This week I was interviewed by Chris Russell, The Advertiser Education journalist. In our conversation, he asked me about the importance of our Old Scholars to the School. It was an interesting question, especially as we prepare to farewell another cohort of students at the end of the school year.
Fortunately, it was quite an easy question to answer. Our Old Scholars are very important to us. How they live their lives, how they interact with others and how they contribute to our society defines us as a School.
In just a few short months, the Class of 2021 will receive their ATARs and their results help create a ‘league table’, marking the success of schools within South Australia. While this is still the current approach, perhaps the success of a school should be measured in a different way. The reality is that Thursday 18 November, with the Prize Giving Ceremony, Valedictory Service and Dinner, is probably the last day that this cohort will ever be together in the same place at the same time. Since the first graduating class in 1965, we have seen over 10,000 students pass through the School. Imagine if we could track all of our Old Scholars and survey them at seven years, 14 years, 21 years and more, following graduation. We could see how they are progressing in their careers; see how they are living their lives; check if they have found their purpose; see if through being kind, grateful and useful, built on a strong sense of purpose, if they are happy.
Friday 5 November is our Old Scholars’ Annual Dinner, the first since August 2019, and it is a sold-out event. It will provide a great opportunity to run a ’pulse check’ on the above but there are other ways to check too. Old Scholars regularly visit Westminster for academic, sporting, creative, or nostalgic reasons and for tours, concerts, assemblies and ceremonies. Some are on staff at Westminster, some are School parents, some are both. In this week alone, outside of staff, I have chatted to over a dozen Old Scholars. Some of them are in their late fifties, some in their early 20s about to graduate from university, while others, still in their teens, are just finishing their first year of study and apprenticeships. Without fail, the Old Scholars who I talked to were genuine, engaging, friendly and happy people. They are all taking huge strides forward in their lives from starting a Masters qualification to training for an AFL Club while studying. One was even running a huge funding organisation.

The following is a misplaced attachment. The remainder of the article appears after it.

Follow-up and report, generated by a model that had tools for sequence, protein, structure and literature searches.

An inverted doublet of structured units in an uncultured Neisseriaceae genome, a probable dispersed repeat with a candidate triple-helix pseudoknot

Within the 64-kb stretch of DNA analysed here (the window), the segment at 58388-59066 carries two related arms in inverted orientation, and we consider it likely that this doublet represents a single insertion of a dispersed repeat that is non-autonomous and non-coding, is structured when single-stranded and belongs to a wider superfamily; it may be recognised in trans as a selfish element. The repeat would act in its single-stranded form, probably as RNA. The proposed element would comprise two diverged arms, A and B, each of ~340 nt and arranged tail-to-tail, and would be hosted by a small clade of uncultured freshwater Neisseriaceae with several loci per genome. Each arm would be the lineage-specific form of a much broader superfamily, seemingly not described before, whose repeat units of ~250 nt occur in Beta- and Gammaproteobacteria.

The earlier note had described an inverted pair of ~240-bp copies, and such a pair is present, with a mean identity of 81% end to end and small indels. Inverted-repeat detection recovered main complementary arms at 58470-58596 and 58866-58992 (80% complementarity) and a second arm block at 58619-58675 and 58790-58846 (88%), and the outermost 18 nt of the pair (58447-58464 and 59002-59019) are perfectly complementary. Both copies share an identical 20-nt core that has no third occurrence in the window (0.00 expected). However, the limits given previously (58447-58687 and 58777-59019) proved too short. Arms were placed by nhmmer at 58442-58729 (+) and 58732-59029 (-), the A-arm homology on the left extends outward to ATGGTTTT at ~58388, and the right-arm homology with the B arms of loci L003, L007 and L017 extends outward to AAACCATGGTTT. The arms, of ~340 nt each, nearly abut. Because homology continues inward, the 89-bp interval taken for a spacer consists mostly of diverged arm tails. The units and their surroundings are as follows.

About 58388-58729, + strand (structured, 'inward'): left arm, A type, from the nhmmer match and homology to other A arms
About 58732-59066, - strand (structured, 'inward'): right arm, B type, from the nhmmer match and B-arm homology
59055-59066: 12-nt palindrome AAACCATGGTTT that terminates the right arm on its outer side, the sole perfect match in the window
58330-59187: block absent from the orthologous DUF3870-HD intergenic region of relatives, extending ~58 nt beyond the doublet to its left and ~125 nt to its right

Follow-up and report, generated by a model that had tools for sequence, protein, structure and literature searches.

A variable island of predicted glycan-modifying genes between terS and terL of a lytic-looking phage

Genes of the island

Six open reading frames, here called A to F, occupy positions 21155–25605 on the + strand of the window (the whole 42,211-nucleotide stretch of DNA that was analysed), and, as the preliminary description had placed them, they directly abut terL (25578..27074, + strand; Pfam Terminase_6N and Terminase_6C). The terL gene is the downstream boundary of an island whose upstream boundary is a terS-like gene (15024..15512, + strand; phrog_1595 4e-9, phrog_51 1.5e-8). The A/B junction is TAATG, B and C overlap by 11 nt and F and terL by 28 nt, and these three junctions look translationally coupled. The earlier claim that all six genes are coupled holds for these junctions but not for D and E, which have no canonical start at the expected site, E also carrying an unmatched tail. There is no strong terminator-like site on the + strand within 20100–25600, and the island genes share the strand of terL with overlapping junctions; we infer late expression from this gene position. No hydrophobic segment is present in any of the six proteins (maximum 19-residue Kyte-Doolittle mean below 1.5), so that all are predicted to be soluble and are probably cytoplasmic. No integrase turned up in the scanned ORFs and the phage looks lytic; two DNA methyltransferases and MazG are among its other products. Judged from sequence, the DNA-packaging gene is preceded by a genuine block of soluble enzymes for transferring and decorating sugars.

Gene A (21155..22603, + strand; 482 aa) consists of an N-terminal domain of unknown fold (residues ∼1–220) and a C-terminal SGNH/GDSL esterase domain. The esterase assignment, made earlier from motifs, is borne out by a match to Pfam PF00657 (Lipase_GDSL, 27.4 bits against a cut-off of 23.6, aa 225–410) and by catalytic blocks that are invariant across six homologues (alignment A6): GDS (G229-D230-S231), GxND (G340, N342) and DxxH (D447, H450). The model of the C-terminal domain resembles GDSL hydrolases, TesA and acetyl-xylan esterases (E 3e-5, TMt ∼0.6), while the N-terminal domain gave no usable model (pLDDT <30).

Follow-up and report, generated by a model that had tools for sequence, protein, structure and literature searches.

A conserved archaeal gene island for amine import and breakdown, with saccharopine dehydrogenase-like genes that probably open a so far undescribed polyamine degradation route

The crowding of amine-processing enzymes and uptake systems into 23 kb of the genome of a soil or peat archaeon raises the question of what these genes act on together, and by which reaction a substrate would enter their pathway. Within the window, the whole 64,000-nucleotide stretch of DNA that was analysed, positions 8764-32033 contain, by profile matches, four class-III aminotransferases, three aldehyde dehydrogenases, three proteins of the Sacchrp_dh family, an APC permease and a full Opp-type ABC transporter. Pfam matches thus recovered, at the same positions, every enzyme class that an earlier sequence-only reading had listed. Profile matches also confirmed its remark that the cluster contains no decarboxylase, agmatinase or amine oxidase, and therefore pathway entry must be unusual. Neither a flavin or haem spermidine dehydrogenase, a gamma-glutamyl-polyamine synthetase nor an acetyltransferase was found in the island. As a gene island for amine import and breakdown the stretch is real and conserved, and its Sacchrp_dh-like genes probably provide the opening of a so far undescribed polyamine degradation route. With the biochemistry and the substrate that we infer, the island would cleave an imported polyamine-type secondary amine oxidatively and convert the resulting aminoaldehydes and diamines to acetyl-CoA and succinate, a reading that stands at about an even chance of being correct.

What struck me about these Old Scholars was how balanced they appeared in their outlook on life and in their lives generally. They were all active and committed to living lives to their potential. I sincerely hope this is the same for other Old Scholars. Our graduates, just like our current students, are extremely fortunate to have grown up in a safe nation, a great state and had parents and families prepared to value education highly enough to send them to our School. They are living exemplars of a Westminster education and we hope when they reflect on their time at school, it is with great fondness.
So when I was asked by the journalist about the importance of our Old Scholars, it was easy to respond. They are vital to us and our relationships with them are grounded in respect. We work hard to build and maintain these relationships within a myriad of vibrant networks that exist within our School community.
I am looking forward to meeting as many Old Scholars as I can at the dinner this evening.